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Exclusive: Neighbors take action to save 8 dogs abandoned in backyard

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DENVER -- Five adult dogs and three puppies were left abandoned in a backyard for several days during our recent string of hot days.

Neighbors were so disturbed by what they saw in their west Denver neighborhood, they reached out to FOX31 Denver for help.

Neighbors saw the renters who used to live at 1529 S. Newton St. move out Monday.

"A U-haul pulled up one day and they were gone," says one neighbor who didn't want to identify herself.

They left behind their trash, their mail, but most importantly, eight dogs.

"I do feel bad for the animals. They just up and walked out and left everything," says neighbor Gary Richardson.

Three French bulldogs, one pregnant. Five Rottweiler’s, three of them puppies.

And all of them thirsty.

"So a couple of neighbors last night (Wednesday) went and got some dog food, gave them dog food and gave them water. They were very hungry," says the unidentified neighbor.

She doesn't want to give her name because it looks like the renters were growing marijuana at the house.

"We got complaints the dogs are not looking too well," says a Denver Animal Shelter officer to the home's owner, who rented to the suspects, identified as Tania Ortega and Rito Hernandez.

The officer learns Ortega and Hernandez abandoned the animals.

Police arrive to help in case there's any trouble.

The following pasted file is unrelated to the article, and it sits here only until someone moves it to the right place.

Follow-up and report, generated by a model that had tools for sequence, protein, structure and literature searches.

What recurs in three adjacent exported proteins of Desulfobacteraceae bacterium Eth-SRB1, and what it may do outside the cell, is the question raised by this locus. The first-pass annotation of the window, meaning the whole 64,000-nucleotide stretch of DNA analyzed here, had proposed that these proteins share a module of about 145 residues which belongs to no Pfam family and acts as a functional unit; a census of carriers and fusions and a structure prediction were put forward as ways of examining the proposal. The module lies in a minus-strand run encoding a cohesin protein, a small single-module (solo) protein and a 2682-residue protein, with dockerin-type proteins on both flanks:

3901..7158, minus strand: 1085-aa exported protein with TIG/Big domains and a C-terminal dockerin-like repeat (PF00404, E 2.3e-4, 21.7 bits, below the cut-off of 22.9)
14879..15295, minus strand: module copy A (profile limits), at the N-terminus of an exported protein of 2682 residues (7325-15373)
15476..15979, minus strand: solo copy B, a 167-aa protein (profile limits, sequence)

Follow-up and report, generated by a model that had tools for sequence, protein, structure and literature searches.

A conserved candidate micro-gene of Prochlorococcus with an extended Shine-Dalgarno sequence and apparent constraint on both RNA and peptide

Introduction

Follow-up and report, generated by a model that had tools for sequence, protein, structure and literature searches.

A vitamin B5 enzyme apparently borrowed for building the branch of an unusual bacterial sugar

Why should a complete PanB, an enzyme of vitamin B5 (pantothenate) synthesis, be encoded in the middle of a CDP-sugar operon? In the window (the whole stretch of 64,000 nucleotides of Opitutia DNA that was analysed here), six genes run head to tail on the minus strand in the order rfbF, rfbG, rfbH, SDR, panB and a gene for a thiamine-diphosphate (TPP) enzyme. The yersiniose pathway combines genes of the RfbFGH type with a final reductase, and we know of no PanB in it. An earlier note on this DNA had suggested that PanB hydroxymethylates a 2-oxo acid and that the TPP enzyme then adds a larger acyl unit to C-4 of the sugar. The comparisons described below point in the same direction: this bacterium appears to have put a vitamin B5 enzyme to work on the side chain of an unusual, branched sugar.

"Hey! Hey!" yells a police officer, as dogs growl and one starts crying.

But the only trouble is among the dogs.

"The dogs are at the point where they are agitated with each other and are starting to fight with each other," says Denver Animal Shelter Sgt. Stephan Romero.

One of the bulldogs attacked the pregnant bulldog and left her with serious bites to her leg.

Plus, their living conditions are filthy.

"Lots of excrement all over the yard. The smell of excrement and urine, very old water. It's not good enough to drink," says Romero.

One after the other, they capture the animals and place them in cages.

Finally, the last puppy is captured and ready to go to the animal shelter for puppy training.

"I didn't know what was going to happen. They're good dogs. They'll have a good home," says Richardson.

Romero says if the owners do not claim the dogs, they could be put up for adoption in several weeks.

The owners face citations for abandonment and animal neglect and cruelty.

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